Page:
A report from the "Riviera Maya" - Playa Del Carmen, Akumal, Tulum +
I returned yesterday from an 8-day trip to the Playa Del Carmen area. It was my first time back here in about 8 years. I had visited maybe 10 times before that. I researched on Chowhound before my visit. I got to a few but missed many.
The number 1 lesson I learned on this trip regarding food in this area is the best, freshest stuff comes from cheap, no A/C, outdoor seating or 2-3 wall restaurants. Also, PORK - they know what to do with it. And the homemade salsa and chips that started nearly every meal were always awesome.
...Playa del Camen...
-El Fogon - locals favorite for cheap, flavorful Mexican comfort food and snacks. The radish and cucumber plate we received after ordering was light and refreshing (a contrast to the food that followed) after covering with lime juice and sprinkling with salt. Order all things al pastor here. You’re going to need to know Spanish, at least at the location I visited (there are 3).
-Aguachiles - Our favorite meals of the trip. We ate here once for lunch and once for dinner. Extremely fresh seafood and very reasonably priced. Tuna tostadas, smoked tuna tostadas and tacos with cheese (though the receipt read smoked marlin for the tostada...), ceviches, shrimp all kinds of ways tacos and the most interesting thing I ate in Mexico, shrimp aguachile. It's kind of like a ceviche but the acid doesn't fully cook the meat, it it seems to be applied right before serving. I got a variation with soy/lime sauce, shaved cucumbers and onions with nearly raw shrimp. I didn't know what this dish was when I ordered it and I was apprehensive to take my first bite after seeing the nearly raw shrimp (how fresh were they I wondered) but I really liked it. The shrimp was very fresh. However, I prefer the texture of raw scallops more than shrimp so next time I will get the scallop version (can also order mixed with scallop and shrimp). Raw scallop tostadas were great also. Aguachiles featured simply prepared, very fresh seafood. Highly recommended. 2 locations. We went to the one at 34th St and 25th Ave if I remember correctly - the other is off 5th ave in the tourist section of Playa and was extremely busy with a wait outside when we walked by on a Thursday night. The location we patronized was about half full each time we went.
-La Parilla - sucked. Do not go here. In the heart of 5th ave so I knew better except it was late, my luggage didn't arrive at the airport and I wanted something easy. The blackened shrimp arrived in some kind of foul tasting black sauce, no blackening spices seemed to be applied, shrimp tasting of questionable freshness. Chicken wrapped in banana leaf and steamed was rubbery. The mariachi band only plays for 2 hours a night and we missed them. The staff encouraged us to order the most expensive item, the mixed grill, and kept suggesting we switch to premium tequilas for our margaritas. Some guy comes by and throws sombreros on your head and takes pics - after din he shows you photos or the picture on a tequila bottle to purchase. Skip it. Matter of fact, skip basically all food on 5th Ave except Ah Cacao for ice creams or ice pops.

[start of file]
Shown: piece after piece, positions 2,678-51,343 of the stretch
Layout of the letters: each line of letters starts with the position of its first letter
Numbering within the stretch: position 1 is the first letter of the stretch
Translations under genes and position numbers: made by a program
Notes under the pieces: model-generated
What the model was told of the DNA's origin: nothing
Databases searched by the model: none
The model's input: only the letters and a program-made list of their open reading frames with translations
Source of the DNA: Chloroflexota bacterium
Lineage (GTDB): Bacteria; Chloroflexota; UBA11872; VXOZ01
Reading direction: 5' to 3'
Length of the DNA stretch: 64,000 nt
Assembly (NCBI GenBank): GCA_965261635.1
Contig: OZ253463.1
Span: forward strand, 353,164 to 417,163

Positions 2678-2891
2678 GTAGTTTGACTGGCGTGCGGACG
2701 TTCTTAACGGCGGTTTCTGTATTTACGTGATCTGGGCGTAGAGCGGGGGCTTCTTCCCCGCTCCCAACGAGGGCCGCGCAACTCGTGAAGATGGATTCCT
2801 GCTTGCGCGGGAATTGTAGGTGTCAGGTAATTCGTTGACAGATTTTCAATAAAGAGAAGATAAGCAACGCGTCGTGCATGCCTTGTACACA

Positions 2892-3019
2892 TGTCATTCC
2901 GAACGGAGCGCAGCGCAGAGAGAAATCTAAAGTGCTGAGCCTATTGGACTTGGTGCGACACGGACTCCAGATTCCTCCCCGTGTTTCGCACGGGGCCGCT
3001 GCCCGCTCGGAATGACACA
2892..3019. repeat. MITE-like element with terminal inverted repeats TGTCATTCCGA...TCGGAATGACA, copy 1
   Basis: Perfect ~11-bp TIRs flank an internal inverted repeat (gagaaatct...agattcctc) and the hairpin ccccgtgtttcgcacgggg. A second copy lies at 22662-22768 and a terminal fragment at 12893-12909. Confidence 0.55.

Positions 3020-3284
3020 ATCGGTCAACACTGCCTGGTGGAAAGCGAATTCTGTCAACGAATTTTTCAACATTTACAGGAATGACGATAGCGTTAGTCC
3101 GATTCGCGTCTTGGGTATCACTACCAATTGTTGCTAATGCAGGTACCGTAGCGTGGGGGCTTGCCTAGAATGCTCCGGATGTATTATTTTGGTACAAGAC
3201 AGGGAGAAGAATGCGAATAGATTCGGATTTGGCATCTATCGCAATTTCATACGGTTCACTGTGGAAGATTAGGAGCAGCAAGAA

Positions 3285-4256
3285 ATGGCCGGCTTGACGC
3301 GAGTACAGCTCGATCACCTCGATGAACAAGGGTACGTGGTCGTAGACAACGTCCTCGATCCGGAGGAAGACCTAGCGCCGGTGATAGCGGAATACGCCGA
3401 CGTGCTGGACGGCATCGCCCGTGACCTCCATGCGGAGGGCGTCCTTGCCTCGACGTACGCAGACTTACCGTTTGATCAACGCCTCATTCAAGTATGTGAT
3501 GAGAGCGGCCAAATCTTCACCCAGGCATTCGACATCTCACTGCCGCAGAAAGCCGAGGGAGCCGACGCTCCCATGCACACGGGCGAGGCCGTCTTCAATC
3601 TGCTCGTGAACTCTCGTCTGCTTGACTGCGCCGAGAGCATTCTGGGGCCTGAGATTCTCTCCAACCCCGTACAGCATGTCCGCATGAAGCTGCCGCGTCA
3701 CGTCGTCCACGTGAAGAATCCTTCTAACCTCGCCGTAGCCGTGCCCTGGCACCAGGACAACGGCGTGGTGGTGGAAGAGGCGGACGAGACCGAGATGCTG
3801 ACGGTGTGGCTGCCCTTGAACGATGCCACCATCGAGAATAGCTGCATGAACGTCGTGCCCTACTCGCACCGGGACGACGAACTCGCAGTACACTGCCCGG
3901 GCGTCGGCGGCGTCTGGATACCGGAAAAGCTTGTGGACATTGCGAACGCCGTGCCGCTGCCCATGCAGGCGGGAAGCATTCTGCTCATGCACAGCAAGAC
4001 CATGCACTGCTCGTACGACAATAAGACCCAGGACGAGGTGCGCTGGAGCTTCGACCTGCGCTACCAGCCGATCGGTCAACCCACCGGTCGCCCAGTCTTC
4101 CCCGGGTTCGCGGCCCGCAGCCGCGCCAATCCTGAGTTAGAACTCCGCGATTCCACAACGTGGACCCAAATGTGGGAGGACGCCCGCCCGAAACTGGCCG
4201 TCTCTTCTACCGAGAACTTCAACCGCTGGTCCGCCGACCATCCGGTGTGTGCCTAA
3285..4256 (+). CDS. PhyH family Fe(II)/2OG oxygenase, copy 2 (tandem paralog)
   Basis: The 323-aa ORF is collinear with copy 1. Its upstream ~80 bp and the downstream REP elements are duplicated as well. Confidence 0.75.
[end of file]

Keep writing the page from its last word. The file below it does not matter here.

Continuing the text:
-Como Como - trendy Italian in the new section of 5th ave. Maybe we ordered the wrong things but it was just OK. A meat sauce with rigatoni was good. Octopus, fried seafood and local sea bass were mediocre.
-DAC Market (smoothies) – fresh, well balanced mixtures but not mind blowing (a Rick Bayless suggestion from his web site)
-Ah Cacao - creamy smooth hard chocolates and the best coconut ice cream I've had in quite some time. The fruit ice pops looked great too. They have coffee too. This place is worth stopping at. If you go to the cafe on 5th ave you can sit and people watch.
I wanted to stop at Flor de Michoacan because I didn't go to the one in Tulum, but in the middle of a hot day nobody on the busy street was going in here, so neither did I. Not sure if it's the same owners as in Tulum or features the same product.
-La Cueva del Pescador - tied for best meal. The freshest lobster I've had since I used to dive for them myself in the Florida Keys. It was supposedly local from the Sian Kaan reserve south of Tulum and drizzled with garlic butter. Also, the off the menu conch in garlic butter sauce was tender and fresh. Thanks VEGGO for this rec. 60 feet away is a Mexican crafts store called MexicArte with some really unique and culturally significant finds from all across Mexico which you are not going to find in the markets of Tulum or Playa with all their mass produced (and some made in China) items. Supposedly, sea turtles are often seen during snorkels off the (barely existent) beach at Akumal. These 3 treats could make for a very fun afternoon in this town.
We tried to eat at the Hartwood but it was closed for the Mexican presidential election, probably because they weren't able to serve liquor (by law) that day. The staff was sitting around and I could pick out the NY chef transplant immediately. Neat haircut, big homeless looking beard, strategically placed tattoos. It seems to be the most expensive restaurant in Tulum, rivaling resort prices in the Playa area I am sure. If I wanted the staff of Prime Meats to wait on me I can do it now that I’m back home. Still, it’s much hyped and I would like to try it one of the next times I come back.
El Tabano was also closed. One hounder and several resources said this was their favorite meal in Tulum.
We randomly ended up eating at a pizza bar connected to the Om Hotel. Being from New Jersey, we are inclined to try pizza wherever we go but were forced into it this time as it was one of the only places open from what we could tell. It was actually good pizza and very fresh tuna tostadas. How a place like this gets excellent seafood in a town off the electrical grid, running on generators, etc etc and my hotel couldn't do it I do not know. More on this later.
-Los Pelicanos - we ate here before going snorkeling at the reef on a boat operated by the restaurant. It was nothing special. The reef, however, was beautiful, and very easy for kids or first time snorkelers (shallow, little current).
Berryhill - I just saw by Googling this place that it's a chain also in Texas. But the house roasted pork leg sandwich was excellent. Flavorful juicy pork with tomatoes, onions, mayo and avocado on a soft but crusty sub roll that would be perfect for a cheesesteak back home. I ditched the tomatoes and it should've been spread with either mayo OR avocado, but it was still great (not just for the airport but anywhere). Eat here before you go through security. You do not want to be standing in line at Dominos in the food court by your gate to put a cap on your culinary adventure in Mexico.